A year into the Covid 19 crisis and the second wave of the pandemic hitting hard, a IMF report authored by economists Ruchir Agarwal and Gita Gopinath stressed that the ending the pandemic was a solvable problem but one that required further coordinated global action.
In the IMF Staff Discussion Note named “A Proposal to End the COVID-19 Pandemic”, the authors stated that urgent steps are needed to arrest the rising human toll and economic strain from the pandemic.
Stating that “Pandemic policy is economic policy”, they both said that ending the health crisis was critical for global macro and financial stability.
FIGHTING THE PANDEMIC
The discussion note analyses multiple dimensions of the fight against Covid 19 pandemic. They have also proposed several pragmatic actions at the national and multilateral level to tackle the health crisis. One of the proposals is to vaccinate at least 40 percent of the population in all countries by 2021 end. They also propose for at least 60 percent vaccination by the first half of 2022. The authors propose tracking and insuring against downside risks. In the discussion note, the authors want to ensure widespread testing and tracing, maintaining adequate stocks of therapeutics and enforcing public health measures in places where vaccine coverage is low.
The Economists estimate the cost of the proposal at around 50 billion dollars while building on the budgeting of the ACT Accelerator. They point out that this proposal was much small when compared to the potential benefits of a faster end to the pandemic, which is estimated at around nine trillion dollars. In the Discussion Note, they said that grants of at least 35 billion dollar might be got from public, private, and multilateral donors. The remaining can be got from national governments potentially supported by concessional financing from multilateral agencies.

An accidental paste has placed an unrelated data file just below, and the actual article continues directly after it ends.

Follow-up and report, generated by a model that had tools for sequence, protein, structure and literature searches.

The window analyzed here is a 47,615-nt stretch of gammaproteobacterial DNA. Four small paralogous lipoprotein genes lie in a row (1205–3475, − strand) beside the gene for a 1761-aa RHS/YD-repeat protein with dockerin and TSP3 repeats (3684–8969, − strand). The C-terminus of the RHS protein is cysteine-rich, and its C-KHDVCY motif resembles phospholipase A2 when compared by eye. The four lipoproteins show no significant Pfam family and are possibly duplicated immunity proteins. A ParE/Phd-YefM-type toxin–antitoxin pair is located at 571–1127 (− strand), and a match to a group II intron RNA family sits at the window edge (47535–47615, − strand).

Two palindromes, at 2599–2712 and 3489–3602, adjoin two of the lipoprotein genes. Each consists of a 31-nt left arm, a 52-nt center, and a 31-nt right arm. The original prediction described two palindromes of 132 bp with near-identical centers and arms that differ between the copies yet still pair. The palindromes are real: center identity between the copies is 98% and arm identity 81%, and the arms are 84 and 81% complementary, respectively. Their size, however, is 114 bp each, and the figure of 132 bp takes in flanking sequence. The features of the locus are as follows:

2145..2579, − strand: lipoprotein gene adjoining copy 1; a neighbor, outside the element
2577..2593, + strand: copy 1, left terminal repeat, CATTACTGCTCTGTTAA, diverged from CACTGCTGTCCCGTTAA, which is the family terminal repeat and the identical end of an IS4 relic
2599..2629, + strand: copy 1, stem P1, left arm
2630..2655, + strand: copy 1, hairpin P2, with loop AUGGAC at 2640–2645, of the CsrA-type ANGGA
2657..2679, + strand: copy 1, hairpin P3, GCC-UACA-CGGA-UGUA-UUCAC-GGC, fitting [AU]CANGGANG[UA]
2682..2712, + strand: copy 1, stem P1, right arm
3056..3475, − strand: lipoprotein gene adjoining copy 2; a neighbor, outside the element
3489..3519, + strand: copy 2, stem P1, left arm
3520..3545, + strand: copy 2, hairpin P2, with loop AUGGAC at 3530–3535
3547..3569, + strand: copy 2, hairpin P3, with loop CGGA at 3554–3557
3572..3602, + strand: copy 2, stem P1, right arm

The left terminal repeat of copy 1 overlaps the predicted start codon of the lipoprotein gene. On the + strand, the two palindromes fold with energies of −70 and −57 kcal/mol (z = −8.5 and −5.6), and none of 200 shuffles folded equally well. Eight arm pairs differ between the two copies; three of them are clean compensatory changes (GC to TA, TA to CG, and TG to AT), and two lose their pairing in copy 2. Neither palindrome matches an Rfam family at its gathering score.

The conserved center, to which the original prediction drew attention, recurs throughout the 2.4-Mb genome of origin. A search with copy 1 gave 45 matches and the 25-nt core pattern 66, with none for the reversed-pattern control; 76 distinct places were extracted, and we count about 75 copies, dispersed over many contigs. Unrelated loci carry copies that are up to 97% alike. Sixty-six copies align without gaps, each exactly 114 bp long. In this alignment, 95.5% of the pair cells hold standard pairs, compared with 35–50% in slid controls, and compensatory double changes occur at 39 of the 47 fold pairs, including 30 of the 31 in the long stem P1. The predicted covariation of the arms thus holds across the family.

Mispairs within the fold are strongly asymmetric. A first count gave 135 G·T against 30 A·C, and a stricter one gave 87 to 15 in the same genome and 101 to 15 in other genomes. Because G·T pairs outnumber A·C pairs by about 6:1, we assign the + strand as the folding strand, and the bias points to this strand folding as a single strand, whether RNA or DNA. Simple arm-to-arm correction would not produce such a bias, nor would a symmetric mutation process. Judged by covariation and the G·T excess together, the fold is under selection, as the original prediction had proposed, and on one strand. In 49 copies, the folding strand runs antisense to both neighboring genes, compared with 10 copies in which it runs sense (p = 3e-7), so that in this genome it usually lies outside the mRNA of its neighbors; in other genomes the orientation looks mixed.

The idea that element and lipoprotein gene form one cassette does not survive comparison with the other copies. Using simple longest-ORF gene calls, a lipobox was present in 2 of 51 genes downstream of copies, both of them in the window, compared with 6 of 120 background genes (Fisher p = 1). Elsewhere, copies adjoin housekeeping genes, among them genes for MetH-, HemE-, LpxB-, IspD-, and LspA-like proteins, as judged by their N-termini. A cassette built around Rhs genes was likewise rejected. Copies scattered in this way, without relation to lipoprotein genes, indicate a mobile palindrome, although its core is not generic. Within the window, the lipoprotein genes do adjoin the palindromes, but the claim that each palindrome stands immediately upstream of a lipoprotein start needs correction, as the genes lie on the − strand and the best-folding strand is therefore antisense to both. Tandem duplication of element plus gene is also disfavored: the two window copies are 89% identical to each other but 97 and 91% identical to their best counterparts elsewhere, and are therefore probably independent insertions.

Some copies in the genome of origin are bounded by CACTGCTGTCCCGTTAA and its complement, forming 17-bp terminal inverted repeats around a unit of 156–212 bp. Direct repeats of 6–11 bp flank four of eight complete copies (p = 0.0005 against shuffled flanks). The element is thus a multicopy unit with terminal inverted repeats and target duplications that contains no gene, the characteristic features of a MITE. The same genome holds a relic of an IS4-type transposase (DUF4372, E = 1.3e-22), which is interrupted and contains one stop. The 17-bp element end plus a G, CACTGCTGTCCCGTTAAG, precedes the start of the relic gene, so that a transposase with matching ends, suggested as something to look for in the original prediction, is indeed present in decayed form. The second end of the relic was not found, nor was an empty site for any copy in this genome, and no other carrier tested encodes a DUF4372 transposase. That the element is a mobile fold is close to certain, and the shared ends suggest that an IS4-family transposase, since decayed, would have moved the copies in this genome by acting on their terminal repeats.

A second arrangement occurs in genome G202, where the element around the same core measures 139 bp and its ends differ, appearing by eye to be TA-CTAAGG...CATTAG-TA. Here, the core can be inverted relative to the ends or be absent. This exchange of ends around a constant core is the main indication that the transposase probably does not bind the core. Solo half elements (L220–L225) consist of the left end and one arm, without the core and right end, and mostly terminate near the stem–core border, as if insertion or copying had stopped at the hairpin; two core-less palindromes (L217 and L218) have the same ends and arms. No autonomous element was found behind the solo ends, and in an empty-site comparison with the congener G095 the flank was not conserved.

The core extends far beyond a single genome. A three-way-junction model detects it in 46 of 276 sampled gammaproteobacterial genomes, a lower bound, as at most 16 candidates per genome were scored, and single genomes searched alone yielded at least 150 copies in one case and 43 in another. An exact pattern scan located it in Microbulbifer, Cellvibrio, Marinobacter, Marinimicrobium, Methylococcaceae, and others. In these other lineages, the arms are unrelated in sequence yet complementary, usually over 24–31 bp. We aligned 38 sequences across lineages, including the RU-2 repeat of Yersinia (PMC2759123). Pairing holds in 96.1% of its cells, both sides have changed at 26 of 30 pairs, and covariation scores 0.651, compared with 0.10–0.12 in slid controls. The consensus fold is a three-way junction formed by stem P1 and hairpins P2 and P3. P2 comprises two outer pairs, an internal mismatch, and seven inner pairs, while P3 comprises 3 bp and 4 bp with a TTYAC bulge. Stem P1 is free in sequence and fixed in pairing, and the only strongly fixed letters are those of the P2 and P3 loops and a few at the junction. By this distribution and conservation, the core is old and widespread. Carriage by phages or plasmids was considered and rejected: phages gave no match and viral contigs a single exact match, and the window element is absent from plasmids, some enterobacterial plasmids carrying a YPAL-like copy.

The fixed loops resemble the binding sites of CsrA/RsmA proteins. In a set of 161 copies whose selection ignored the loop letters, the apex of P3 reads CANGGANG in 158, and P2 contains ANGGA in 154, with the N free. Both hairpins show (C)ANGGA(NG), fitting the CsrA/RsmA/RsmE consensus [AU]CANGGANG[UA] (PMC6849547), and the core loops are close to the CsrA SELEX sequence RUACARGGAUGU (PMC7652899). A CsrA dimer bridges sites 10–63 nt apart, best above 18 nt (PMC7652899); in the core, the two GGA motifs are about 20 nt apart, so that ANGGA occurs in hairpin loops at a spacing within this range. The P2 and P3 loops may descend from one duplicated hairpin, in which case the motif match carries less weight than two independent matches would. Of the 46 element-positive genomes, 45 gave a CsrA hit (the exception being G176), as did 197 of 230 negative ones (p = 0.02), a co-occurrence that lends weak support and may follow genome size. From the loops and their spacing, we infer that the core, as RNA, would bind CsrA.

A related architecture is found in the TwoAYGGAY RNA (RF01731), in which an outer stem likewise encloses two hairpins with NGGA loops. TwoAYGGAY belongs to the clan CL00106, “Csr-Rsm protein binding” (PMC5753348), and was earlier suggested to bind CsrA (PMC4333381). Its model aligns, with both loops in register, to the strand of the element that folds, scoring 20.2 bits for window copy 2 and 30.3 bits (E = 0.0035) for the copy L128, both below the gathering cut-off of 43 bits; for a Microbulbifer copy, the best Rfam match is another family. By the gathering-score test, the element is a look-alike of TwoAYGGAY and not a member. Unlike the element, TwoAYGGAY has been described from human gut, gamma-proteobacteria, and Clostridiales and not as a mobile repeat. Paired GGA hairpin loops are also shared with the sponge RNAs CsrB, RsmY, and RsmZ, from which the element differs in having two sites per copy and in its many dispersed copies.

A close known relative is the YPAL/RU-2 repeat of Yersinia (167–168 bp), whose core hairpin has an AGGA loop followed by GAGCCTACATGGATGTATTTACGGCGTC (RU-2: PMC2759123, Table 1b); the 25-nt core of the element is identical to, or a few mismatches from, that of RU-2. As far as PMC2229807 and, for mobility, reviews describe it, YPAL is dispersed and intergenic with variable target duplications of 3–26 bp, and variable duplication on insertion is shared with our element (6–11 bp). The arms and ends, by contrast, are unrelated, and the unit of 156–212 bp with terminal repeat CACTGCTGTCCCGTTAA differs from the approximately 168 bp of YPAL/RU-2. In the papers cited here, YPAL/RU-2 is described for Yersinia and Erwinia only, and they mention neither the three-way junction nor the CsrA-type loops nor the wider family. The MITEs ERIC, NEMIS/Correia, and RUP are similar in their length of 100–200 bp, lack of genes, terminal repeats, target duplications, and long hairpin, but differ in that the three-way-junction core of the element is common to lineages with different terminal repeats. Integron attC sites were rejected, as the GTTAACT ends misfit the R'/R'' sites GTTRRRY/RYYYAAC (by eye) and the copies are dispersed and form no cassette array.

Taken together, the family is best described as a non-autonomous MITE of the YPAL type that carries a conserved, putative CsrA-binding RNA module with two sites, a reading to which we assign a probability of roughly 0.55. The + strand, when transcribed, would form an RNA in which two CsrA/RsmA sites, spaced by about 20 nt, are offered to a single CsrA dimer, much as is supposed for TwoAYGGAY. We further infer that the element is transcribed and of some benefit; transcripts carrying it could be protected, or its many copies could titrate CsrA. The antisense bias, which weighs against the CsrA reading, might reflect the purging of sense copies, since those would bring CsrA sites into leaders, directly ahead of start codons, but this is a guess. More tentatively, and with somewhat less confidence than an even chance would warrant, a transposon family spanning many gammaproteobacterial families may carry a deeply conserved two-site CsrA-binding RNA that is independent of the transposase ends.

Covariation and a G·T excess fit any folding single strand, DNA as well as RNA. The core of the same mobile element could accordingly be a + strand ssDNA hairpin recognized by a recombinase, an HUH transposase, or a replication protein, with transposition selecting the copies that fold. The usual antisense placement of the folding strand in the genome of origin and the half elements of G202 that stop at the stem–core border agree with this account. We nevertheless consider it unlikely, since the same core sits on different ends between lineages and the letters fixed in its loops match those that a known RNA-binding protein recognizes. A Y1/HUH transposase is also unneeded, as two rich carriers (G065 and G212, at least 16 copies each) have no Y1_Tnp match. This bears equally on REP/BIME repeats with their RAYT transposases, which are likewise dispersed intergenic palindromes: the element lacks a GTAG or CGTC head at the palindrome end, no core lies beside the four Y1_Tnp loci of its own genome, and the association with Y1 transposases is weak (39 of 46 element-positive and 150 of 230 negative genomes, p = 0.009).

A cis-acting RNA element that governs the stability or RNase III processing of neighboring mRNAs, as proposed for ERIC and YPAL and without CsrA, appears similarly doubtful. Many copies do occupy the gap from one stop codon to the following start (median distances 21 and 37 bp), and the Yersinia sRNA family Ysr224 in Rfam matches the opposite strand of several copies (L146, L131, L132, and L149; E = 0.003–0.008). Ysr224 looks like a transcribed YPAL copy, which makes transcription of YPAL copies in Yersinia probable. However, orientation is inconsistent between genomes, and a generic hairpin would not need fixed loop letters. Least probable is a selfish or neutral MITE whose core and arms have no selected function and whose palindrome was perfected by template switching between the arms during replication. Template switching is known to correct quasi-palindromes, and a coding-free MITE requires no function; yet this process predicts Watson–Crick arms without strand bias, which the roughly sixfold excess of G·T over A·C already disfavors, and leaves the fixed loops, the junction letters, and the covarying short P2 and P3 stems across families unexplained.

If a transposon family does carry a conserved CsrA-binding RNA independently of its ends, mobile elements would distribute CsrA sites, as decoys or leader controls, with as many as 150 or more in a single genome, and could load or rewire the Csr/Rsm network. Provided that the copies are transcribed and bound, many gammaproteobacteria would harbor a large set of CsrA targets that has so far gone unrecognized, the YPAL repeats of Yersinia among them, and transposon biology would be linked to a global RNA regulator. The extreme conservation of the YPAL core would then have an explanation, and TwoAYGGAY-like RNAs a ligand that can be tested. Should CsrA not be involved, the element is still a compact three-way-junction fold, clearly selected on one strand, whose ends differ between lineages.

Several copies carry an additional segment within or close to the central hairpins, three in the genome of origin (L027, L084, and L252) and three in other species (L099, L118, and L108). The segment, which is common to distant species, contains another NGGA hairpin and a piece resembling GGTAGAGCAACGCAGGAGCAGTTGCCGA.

Elaborating on the proposed steps, the authors have called for providing additional upfront grants to COVAX of at least four billion dollars to increase vaccine coverage goal from 20 percent to 30 percent for 91 low- and middle-income countries (LMICs): They said that this would help in finalising their orders, and activate unutilised vaccine capacity.
The authors also wanted to ensure free cross border flows of raw materials and finished vaccines. The restrictions jeopardised vaccine access for billions of people in the developing world, they said. Apart from this, the authors also said that the countries could donate at least 500 million vaccines courses (equivalent to around one billion doses) in 2021, even if they prioritise their own populations. They wanted to make at-risk investments to diversify and increase vaccine production capacity by one billion doses in early 2022
Another proposal was to scale up genomic surveillance and systemic supply chain surveillance to handle mutation scenarios or shocks to the supply chain. The authors wanted to ensure widespread testing, sufficient therapeutics, and adequate public health measures, and preparation for vaccine deployment.